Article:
Eight hospitals have already closed this year, and two in the middle of the pandemic. In West Virginia, 141-bed hospital Fairmont Regional Medical Center closed its doors on March 19. Its owner, Alecto Helathcare, had previously said it would close the hospital, but shuttered it a month earlier than expected. In Tennessee, 40-bed Decatur County General Hospital closed on April 15, leaving 21 counties without a hospital.
David Mosley, a partner with Guidehouse and the former director of finance for North Carolina’s Medicaid program, described some of the issues factoring into the crisis. A shift in jobs to metro areas means most patients in smaller communities are covered through Medicaid, Medicare, or have no insurance at all. In many of these cities, hospitals are the largest employer.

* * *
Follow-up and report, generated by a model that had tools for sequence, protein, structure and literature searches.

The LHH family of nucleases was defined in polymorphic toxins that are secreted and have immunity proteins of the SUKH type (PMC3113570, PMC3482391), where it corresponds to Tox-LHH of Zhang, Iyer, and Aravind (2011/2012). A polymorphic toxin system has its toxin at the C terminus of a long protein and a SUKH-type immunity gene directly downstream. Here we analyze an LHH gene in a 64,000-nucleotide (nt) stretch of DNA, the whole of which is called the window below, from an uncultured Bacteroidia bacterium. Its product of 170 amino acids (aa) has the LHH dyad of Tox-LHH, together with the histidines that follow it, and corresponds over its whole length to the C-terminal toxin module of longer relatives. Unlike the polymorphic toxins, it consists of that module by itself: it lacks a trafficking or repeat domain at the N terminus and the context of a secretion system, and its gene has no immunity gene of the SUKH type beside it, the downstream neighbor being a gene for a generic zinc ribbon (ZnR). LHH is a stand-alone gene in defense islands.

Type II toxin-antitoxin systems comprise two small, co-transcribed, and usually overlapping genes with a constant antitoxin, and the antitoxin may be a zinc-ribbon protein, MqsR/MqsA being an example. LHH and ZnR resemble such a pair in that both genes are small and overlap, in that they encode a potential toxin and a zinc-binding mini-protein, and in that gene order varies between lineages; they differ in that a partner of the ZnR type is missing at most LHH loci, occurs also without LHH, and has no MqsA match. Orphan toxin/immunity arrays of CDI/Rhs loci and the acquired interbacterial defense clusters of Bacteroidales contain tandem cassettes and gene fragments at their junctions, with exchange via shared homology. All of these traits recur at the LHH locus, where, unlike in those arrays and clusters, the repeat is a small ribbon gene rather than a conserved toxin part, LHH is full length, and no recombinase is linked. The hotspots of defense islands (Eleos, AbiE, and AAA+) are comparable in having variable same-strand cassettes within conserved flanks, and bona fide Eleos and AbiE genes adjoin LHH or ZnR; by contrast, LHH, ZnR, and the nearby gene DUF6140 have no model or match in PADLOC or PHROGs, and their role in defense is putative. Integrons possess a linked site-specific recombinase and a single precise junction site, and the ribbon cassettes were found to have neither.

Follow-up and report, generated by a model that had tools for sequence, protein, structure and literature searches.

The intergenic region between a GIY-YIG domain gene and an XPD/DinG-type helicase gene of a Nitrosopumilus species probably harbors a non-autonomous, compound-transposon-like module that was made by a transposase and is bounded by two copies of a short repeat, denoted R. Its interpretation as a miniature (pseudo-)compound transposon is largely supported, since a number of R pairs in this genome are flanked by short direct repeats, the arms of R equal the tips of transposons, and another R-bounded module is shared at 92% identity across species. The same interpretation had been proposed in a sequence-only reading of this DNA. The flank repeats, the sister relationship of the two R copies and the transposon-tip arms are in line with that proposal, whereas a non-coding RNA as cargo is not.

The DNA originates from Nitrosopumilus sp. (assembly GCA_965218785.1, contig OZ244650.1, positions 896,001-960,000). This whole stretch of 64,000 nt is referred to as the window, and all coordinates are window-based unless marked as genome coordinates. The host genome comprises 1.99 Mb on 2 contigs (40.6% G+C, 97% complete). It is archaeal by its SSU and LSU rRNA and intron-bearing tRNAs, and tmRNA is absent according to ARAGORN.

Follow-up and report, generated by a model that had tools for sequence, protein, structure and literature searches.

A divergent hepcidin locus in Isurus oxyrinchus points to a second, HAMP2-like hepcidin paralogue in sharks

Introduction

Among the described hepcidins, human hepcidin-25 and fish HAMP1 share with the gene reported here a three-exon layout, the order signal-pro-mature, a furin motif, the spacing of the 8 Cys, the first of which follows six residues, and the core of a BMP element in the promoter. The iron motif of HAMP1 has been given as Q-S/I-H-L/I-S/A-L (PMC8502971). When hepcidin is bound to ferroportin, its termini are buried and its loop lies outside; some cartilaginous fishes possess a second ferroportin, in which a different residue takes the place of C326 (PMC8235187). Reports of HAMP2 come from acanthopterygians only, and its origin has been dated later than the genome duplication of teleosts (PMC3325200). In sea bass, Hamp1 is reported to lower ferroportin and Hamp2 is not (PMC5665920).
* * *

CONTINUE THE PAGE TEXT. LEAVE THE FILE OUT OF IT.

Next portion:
On top of that, many hospitals in rural communities have seen a decline in the number of patients. Sometimes, this is because the cities themselves have gotten smaller. Other times, patients forego care in their community to drive to the bigger, shinier hospital in the closest metro, even when they could get treatment in their backyard.
“There are many cases where people are driving by their local hospital for the care they’re receiving, when it’s just as good or better,” Mosley said.
Add a month’s worth of cancelled surgeries on top of that, and the financial burden multiplies. Roughly 70% to 80% of rural hospitals’ revenue comes from outpatient services or elective surgeries.
“Any decrease in incoming revenue is crushing,” he added.